Online Technical Training Blog


Robots: A Truly Transformative Hobby


There was a time when collecting stamps in an album or pinning the dried thorax of insects under glass were considered to be admirable pastimes - the pursuance of which lent an air of sophistication to the practitioner (or at the very least, made them mildly interesting in the eyes of others).

Fast-forward about a hundred years or so to today and chances are slim you’ll find a bespectacled hobbyist cloistered in a dusty room, diligently curating a boring old stamp or bug collection. These days, it’s far more likely you’ll find the clever hobbyist toying with robotics in his or her own garage, and for good reason.
At the risk of perpetuating a tired cliché, technology is the future – it therefore should come as no surprise that the hobbies we’ve come to enjoy align with this truth.

A Surge In Popularity
Pop-culture has certainly played a significant role in the rise of the amateur roboteur – television programs like Battlebots have shown the masses just how cool robots can be (provided they come equipped with flamethrowers and saw blades). Levity aside, it was these programs that spawned an interest in robotics and subsequently helped a great many people realize the transformative, real world applications robots could have on our daily lives.

From The Very Big To The Very Small
Robots, as we’ve come to know them, are mainly used as large staples in the manufacturing industry - able to shape raw materials with ease, weld tirelessly day in and day out, and perform all types of heavy manual labor that would simply exhaust a human workforce.

But the advancement in robotics goes beyond the development of the hulking behemoths that have overtaken the factory floor; micro-robots too, are making a big impact in business. Think about the army of product retrieving robots over at Amazon that work alongside humans to get your parcels out on time – or the robots that will soon be found in offices the world over can be taught to complete dozens of tasks as opposed to being programmed to complete just one.
All this innovation, all this advancement began with the robot hobbyist.

Robotics: A Stalwart Career In Any Economy
It’s no secret that the world has had a difficult time these last few years - economically speaking. In fact, entire countries have teetered on complete financial collapse, something that is quite rare in this day and age.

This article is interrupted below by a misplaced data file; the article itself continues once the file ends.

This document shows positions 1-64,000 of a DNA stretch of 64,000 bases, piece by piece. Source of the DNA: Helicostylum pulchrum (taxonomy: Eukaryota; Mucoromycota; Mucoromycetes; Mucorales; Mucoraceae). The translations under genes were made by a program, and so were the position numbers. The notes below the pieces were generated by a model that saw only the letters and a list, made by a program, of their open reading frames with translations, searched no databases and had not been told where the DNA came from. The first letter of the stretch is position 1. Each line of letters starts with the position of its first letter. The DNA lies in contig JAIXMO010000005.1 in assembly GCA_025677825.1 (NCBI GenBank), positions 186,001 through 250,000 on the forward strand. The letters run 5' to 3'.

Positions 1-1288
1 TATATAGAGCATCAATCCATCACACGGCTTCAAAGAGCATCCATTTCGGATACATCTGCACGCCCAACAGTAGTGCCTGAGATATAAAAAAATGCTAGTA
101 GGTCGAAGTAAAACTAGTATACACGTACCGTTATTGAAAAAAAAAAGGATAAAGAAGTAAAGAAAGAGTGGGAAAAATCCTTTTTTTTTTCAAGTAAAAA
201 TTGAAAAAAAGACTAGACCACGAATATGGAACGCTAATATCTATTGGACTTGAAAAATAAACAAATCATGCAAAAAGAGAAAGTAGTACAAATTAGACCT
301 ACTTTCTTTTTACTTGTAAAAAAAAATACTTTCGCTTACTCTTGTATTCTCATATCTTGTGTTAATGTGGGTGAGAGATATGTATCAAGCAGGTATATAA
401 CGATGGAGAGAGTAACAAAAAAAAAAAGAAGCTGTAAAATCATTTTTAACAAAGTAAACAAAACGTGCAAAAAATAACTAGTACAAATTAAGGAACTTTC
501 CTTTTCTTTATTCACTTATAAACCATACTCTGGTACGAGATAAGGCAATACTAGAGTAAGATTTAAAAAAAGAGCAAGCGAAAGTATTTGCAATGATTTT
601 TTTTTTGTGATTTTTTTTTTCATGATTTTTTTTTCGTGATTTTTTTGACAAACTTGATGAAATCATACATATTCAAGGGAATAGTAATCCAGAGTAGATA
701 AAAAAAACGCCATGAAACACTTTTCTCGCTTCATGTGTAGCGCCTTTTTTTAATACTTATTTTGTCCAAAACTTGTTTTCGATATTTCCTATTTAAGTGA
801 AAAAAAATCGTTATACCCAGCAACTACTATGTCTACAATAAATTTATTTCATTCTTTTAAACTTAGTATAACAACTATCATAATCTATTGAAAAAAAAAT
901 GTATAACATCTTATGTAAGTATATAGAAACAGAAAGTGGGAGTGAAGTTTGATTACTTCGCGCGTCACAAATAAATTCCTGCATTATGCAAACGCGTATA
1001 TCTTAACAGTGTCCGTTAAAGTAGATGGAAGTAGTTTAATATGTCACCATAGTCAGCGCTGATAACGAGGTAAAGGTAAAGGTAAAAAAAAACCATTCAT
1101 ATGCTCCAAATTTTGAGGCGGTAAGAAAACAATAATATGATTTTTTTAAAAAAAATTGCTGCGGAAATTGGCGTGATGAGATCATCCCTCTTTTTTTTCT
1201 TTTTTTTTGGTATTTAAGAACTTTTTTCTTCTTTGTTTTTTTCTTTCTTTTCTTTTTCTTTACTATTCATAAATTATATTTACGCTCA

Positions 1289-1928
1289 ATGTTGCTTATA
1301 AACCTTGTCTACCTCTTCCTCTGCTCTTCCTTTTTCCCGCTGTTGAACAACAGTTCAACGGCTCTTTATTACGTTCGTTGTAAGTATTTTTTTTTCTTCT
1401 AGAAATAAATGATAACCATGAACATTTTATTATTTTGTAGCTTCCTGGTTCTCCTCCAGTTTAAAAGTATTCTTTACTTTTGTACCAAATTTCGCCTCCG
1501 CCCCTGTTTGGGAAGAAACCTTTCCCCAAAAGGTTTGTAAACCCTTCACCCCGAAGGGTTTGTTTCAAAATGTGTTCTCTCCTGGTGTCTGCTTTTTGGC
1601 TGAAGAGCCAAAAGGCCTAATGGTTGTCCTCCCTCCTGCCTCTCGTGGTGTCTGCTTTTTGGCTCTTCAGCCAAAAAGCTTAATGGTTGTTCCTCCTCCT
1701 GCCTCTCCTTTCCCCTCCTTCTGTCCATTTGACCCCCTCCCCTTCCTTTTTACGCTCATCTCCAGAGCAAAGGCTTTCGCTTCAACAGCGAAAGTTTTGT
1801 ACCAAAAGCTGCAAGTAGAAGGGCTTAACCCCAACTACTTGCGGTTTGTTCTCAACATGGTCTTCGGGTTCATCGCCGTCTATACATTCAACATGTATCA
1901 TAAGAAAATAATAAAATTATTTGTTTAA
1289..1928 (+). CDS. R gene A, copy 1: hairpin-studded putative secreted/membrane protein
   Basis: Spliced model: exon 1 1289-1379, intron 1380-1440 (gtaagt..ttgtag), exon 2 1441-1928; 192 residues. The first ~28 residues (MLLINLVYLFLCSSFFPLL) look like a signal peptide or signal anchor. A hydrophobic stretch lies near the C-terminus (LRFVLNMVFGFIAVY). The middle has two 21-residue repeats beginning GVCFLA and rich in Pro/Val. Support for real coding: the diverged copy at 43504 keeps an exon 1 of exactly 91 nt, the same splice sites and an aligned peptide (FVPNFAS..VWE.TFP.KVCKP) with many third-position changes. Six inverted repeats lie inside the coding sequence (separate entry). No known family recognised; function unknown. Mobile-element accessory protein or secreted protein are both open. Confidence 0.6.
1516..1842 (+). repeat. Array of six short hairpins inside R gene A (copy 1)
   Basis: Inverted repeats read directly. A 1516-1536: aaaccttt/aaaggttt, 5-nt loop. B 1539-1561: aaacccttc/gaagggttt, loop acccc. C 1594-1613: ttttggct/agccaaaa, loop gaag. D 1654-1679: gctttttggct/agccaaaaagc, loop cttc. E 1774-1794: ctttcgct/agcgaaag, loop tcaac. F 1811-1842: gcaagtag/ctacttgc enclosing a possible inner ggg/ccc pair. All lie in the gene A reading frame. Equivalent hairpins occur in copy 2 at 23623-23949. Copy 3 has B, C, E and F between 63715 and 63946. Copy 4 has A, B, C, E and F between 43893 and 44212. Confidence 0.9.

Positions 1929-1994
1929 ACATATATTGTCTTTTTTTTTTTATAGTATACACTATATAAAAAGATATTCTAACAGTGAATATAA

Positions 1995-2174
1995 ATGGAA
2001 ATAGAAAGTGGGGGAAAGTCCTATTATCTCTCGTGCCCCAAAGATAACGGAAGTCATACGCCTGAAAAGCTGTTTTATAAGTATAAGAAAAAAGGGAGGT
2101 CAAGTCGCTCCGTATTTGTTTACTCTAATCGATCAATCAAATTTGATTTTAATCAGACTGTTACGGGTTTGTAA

Jobs can disappear to markets where comparable labor costs pennies on the dollar, budgets can get cut at the drop of a hat, and positions can be absorbed into other roles; it’s no wonder people don’t feel particularly secure in their employment. Robotics it seems is one of the few fields benefiting from job creation in this era of conservatism.

As of 2010, the worldwide robotic population numbered roughly 8.6 million robots; a number that has since shown no hint of slowing down. The reason being is that we’ve only just begun to scratch the surface when it comes to figuring out ways for robots to make our lives easier. When it comes to robotic applications, the sky's the limit – but even then, it really isn’t – because robots will likely one day be used to harvest materials from other planets or asteroids – a task that will be decidedly too dangerous for any human to undertake.

Don’t Miss Out On The Opportunities
If your love of robots leads you to do nothing more than continue to tinker with technology, that’s okay – but know that just because robotics has up to now only been a hobby, doesn’t mean it can’t turn into a lucrative career.

Traditionally, post-secondary studies can be a financial strain. But if the passion for robotics resides within you, you can test the waters by enrolling in an online technical program. George Brown College’s technical certificate programs cost approximately seventeen hundred dollars and can give you an introduction into the expansive world of careers like robotic technician or PLC programmer. Remember – the most rewarding careers are the ones that you love doing; so if you have the opportunity to turn a hobby into a career that could potentially see you revolutionizing the world we live in – isn’t it worth looking into?

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